Case Study
Children's Resource Exchange Center

The Children's Resource Exchange Center (CREC) is a web-based software application that faciliates and manages a global system to connect children from the developing world with an international network of medical providers. We led the effort to turn the initial vision into a highly dynamic and interactive web-based prototype that they could use as a key asset in their efforts to raise money and gather support for the project's full development.


Grace Children's Foundation, New York NY
American Institutes for Research, Washington DC

Nonprofit Organization | Foundation

Audience & Topics

Funders, Advocates

Healthcare | Child Services


June 2014

Roles, Deliverables and Methods

Information Architect

Requirements Gathering, Concept Development, Information Architecture


Full Prototype of Website and Custom Business Application

The Challenges


Create an online deliverable that the client could use in a variety of situations including pitch presentations with potential funders.


Demonstrate the full potential and capacity of the online system, including the functionality for three distinct user groups: staff, medical providers, and child representatives.


Produce a robust simulation on a short turn-around schedule with a minimal design and development budget.

Our Solution
A Wireframe of the Future

We turned to the production of a full HTML5 and CSS3 based prototype. This technique, one that we have helped to pioneer, produces a fully interactive website that our client and other stakeholders can use, interact and engage with. It provides a simulation experience that outstrips the capacity of both traditional and interactive wireframes. It does so by allowing for the simulation of dynamic user interface components, authentication systems and page flows. Further, it allows for the simulation of multiple users, with unique functionality for each group.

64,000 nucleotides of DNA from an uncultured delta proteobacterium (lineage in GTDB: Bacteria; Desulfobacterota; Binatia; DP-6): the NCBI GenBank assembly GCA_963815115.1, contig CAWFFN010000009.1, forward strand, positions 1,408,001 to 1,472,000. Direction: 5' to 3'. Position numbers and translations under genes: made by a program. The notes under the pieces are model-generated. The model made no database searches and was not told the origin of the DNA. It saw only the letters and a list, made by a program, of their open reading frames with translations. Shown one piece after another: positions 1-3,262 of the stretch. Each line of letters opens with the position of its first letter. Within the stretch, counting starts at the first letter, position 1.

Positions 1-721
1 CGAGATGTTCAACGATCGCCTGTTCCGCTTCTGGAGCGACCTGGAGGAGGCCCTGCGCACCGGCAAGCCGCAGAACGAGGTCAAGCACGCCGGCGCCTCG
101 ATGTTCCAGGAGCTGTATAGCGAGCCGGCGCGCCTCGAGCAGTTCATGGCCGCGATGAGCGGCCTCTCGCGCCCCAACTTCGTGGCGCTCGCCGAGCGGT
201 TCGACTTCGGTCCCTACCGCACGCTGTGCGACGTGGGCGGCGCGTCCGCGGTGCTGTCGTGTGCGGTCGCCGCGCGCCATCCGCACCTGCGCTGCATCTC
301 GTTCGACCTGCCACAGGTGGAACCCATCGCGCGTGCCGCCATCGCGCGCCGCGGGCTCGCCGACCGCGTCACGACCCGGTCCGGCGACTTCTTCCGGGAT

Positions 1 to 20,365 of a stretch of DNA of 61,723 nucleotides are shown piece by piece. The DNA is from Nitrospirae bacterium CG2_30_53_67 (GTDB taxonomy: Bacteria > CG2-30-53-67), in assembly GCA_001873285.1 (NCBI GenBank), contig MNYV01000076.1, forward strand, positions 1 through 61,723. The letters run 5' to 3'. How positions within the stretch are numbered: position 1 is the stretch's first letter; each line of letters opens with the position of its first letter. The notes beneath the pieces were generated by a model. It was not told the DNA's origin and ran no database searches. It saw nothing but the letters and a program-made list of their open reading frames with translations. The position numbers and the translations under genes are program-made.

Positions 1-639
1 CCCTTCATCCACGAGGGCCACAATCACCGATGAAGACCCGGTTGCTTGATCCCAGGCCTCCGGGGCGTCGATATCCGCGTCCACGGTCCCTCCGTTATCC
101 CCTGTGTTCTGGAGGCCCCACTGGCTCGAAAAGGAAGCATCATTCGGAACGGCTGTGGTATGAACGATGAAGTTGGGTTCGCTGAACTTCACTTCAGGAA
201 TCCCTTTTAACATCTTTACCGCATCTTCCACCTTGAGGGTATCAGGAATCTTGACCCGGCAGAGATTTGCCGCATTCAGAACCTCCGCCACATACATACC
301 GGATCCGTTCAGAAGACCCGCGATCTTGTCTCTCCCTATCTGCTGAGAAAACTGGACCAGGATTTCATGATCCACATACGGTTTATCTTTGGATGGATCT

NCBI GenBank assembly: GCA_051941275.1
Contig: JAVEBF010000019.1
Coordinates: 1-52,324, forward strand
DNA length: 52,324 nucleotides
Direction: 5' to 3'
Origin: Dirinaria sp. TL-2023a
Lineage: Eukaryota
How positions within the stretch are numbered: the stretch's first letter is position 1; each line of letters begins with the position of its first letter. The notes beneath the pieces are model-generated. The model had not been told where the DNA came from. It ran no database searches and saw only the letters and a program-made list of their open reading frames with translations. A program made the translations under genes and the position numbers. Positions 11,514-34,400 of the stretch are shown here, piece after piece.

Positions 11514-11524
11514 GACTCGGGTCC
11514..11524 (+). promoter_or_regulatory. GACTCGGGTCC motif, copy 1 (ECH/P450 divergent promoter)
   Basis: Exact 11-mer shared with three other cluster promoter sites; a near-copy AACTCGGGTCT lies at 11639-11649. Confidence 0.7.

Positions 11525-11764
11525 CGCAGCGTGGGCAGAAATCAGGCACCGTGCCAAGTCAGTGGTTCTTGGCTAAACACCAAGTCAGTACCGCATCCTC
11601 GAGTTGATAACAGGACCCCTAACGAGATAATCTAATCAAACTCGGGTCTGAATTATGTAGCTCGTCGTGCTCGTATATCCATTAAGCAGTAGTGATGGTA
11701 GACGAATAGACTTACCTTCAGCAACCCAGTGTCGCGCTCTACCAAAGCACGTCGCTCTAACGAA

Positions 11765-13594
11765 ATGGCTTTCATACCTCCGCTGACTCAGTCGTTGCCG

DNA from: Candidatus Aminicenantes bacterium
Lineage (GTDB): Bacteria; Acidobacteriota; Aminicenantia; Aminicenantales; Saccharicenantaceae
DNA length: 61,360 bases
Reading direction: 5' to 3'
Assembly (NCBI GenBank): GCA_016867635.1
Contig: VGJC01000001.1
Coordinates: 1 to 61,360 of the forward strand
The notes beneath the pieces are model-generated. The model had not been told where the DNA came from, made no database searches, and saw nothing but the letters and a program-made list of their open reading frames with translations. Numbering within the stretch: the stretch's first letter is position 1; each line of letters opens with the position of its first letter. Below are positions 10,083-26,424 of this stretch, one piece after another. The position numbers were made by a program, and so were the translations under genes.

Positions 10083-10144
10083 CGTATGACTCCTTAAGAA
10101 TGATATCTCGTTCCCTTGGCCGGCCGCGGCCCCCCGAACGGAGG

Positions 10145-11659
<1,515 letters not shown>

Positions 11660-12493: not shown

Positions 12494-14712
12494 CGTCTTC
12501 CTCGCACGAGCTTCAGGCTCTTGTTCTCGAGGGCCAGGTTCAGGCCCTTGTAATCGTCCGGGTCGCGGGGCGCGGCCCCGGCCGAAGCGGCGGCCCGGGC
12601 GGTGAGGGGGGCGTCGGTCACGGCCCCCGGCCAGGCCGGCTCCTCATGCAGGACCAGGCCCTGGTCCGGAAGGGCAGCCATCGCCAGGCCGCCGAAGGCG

There were two added bonuses of our interactive prototype. First, it was produced at a cost on par with traditional wireframe deliverables because it utilized a unique combination of open source technologies. Second, the deliverable was a set of HTML5- and CSS3-based files that can be used directly in production-ready websites and applications, which will help to minimize redundant front-end code and speed up development timelines.

At the heart of the CREC prototype was an open-source technology that we developed: Permit.js. It is what allowed us to create a robust prototype that showed unique user flows and different functionality across all potential user groups. For example, it supported our ability to show administrator-only views and privileges as well as distinct dashboards for each of the application's user groups.

Permit.js allowed us to rapidly and cost efficiently build prototypes that demonstrated a range of complex application states including user states (logged-in vs logged-out) and permission states (administrators vs public users). Most importantly, it provided our client with a realistic sense of how their website or application will ultimately behave. For CREC, this benefit translated into an agile and organic design process by allowing us to rapidly move through several rounds of iteration.